One of the oldest law schools in the country, Columbia Law School prepares its students to perform at the highest levels in the legal world.
The institution holds an impressive share of Supreme Court justices, federal judges, attorneys general, renowned civil rights activists, and even brilliant minds that moved beyond the field of law.
Business Insider recently released its ranking of the 50 best law schools in the country, in which Columbia Law placed in the top 10.
Many Columbia Law students have gone on to achieve great things and lead the country, whether from the Oval Office or the bench.
Read on to check out 8 of the most impressive people who attended Columbia Law.
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Franklin D. Roosevelt
Franklin Delano Roosevelt served as the 32nd President of the United States from 1932 to 1945. Hailing from a very wealthy New York family, he grew up traveling extensively throughout Europe and receiving a top-notch primary education with private tutors.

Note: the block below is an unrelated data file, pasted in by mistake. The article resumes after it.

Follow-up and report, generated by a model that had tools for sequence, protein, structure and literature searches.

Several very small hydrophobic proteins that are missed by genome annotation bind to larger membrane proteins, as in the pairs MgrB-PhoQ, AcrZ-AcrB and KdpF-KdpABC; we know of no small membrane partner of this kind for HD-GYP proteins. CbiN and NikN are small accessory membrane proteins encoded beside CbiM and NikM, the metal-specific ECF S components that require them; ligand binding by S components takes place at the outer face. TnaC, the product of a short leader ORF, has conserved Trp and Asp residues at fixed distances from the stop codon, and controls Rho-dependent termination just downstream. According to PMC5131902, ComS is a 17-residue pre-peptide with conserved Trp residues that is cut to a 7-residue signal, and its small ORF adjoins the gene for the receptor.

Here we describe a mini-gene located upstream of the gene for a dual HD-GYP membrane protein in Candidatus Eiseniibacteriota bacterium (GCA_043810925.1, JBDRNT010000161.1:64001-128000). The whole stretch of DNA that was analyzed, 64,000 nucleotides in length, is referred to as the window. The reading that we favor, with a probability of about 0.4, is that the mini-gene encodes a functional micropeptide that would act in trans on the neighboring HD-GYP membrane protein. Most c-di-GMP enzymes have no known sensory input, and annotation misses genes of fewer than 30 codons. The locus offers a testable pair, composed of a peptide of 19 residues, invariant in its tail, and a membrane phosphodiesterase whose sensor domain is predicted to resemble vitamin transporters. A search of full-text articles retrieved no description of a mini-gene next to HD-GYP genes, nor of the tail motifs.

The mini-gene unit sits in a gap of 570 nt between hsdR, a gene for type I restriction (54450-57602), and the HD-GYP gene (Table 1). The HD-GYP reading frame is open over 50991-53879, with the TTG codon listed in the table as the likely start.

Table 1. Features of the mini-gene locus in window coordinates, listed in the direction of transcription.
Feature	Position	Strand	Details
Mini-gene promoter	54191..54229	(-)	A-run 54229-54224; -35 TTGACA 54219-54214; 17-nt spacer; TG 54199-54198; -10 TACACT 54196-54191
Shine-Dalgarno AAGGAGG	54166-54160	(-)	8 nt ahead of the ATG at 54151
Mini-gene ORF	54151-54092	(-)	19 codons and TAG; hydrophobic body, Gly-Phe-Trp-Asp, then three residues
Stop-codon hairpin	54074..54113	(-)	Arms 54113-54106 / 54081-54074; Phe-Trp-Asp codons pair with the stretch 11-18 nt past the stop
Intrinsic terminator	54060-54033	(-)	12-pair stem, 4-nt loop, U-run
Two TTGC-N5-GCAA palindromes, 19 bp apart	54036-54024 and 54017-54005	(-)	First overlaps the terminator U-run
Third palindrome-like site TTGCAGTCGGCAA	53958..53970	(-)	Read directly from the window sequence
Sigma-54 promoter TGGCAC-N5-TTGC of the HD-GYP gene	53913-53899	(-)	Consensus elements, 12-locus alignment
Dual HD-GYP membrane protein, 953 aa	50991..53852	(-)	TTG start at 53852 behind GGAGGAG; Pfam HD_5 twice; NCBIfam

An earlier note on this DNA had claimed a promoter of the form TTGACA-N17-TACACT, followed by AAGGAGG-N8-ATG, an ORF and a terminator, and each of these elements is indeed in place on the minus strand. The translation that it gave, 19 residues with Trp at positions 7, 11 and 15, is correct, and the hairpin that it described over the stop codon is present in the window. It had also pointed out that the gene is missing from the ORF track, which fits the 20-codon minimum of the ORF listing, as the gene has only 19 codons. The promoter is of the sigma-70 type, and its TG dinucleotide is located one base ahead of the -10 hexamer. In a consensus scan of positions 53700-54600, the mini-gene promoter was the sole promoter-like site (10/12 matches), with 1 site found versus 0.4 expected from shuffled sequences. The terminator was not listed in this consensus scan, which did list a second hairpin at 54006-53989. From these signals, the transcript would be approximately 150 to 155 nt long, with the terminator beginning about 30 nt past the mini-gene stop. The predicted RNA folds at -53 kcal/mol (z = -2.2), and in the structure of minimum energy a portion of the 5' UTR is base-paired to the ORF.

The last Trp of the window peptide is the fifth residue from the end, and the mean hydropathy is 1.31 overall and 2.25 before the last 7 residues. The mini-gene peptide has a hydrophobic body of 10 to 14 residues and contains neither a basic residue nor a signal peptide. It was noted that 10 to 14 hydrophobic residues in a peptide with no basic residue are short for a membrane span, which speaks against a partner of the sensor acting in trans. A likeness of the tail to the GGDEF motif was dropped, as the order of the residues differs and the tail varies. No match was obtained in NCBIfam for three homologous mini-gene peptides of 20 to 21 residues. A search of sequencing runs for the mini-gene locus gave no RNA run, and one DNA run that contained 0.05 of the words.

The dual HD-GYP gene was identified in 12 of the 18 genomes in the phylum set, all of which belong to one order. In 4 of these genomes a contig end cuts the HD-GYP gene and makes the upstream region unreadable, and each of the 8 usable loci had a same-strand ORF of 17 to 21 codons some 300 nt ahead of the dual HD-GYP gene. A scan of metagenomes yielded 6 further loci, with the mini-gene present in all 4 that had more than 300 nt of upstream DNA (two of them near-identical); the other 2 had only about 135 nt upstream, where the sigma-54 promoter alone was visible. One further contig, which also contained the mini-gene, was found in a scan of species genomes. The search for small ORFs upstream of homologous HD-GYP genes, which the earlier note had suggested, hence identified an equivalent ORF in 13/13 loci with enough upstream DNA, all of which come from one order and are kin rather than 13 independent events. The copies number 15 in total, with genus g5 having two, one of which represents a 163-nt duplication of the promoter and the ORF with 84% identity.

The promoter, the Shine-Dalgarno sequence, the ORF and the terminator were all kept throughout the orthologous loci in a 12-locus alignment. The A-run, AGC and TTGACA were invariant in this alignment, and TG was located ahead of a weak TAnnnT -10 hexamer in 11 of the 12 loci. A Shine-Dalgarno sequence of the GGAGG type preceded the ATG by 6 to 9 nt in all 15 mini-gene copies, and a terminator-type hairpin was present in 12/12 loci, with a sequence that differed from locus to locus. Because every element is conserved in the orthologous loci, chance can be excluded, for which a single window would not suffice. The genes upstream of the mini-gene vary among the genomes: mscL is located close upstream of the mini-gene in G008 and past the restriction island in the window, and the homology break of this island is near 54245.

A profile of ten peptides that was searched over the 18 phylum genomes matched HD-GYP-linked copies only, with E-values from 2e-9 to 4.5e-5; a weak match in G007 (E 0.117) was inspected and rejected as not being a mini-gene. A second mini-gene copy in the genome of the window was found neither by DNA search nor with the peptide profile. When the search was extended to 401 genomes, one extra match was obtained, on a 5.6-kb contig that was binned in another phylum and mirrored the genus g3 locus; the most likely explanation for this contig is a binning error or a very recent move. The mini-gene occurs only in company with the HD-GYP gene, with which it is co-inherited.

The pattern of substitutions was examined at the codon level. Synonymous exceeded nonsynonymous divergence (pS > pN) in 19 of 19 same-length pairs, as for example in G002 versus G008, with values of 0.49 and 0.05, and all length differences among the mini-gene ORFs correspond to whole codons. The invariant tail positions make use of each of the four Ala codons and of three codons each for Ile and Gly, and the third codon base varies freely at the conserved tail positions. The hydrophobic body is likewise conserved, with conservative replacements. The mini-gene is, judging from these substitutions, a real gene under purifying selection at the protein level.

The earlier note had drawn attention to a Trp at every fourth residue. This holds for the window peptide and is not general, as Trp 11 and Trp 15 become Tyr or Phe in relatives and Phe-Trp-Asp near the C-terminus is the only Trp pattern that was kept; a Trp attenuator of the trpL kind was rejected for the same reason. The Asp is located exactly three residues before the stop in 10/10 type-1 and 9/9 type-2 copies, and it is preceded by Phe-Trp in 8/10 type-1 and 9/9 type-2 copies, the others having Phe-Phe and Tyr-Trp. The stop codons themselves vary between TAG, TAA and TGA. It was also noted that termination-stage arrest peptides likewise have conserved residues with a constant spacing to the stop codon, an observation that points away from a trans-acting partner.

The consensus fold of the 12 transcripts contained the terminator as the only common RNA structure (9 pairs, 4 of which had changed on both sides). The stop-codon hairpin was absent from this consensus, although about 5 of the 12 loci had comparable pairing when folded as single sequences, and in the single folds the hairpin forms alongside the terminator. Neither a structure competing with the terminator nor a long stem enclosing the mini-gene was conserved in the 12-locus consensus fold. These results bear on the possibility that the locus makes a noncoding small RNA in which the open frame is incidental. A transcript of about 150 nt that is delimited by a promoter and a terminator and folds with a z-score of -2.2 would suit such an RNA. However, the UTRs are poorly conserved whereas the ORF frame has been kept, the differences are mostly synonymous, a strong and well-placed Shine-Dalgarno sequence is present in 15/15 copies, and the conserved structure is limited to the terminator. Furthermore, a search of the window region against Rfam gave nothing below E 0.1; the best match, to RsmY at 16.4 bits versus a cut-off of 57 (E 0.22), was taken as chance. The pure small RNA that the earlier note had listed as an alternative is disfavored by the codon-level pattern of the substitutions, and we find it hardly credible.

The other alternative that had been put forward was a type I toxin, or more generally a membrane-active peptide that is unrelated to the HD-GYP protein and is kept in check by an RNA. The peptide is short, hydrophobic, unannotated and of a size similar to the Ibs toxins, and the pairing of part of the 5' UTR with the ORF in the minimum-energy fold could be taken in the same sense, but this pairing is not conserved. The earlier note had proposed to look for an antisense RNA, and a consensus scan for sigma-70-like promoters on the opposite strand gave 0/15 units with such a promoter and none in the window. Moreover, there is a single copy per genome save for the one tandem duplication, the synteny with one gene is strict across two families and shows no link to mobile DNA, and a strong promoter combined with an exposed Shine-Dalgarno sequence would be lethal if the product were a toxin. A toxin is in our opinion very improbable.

After attending the elite Groton School and later completing his undergraduate studies at Harvard, Roosevelt attended Columbia Law School from 1904 to 1907, dropping out after preemptively passing the New York bar (he was awarded a posthumous JD in 2008).
During his presidency, Roosevelt lead the country through the Great Depression with his reform program, the New Deal, that aimed to alleviate unemployment and stimulate economic growth.
Ruth Bader Ginsburg
Ruth Bader Ginsburg has been pushing the boundaries of the legal world since 1956, when she enrolled in Harvard Law School as one of nine women in a class of 500. She later transferred to Columbia Law School, graduating in 1959.
Ginsburg was the second woman to become a Supreme Court justice, where she still serves today. In 1993, she was officially appointed by President Bill Clinton after a long legal and academic career in which she fought voraciously against gender discrimination in the workplace and society.
Ginsburg taught at Columbia Law for eight years, becoming the first tenured female professor. Her daughter, Jane, currently teaches at Columbia Law School.
Characterized by his staunch views and rigid ambition, Teddy Roosevelt served as the 26th and youngest president of the United States after President McKinley was assassinated in 1901.
Roosevelt, like his distant cousin Franklin, attended Harvard for his undergraduate degree and then enrolled in Columbia Law School—and again, like his cousin, dropped out before receiving his degree, in order to run for a local office (he too was awarded a posthumous JD in 2008).
Born with debilitating asthma, Roosevelt pursued intense exercise and health. He later became a prominent naturalist and wrote over 40 published books and hundreds of articles.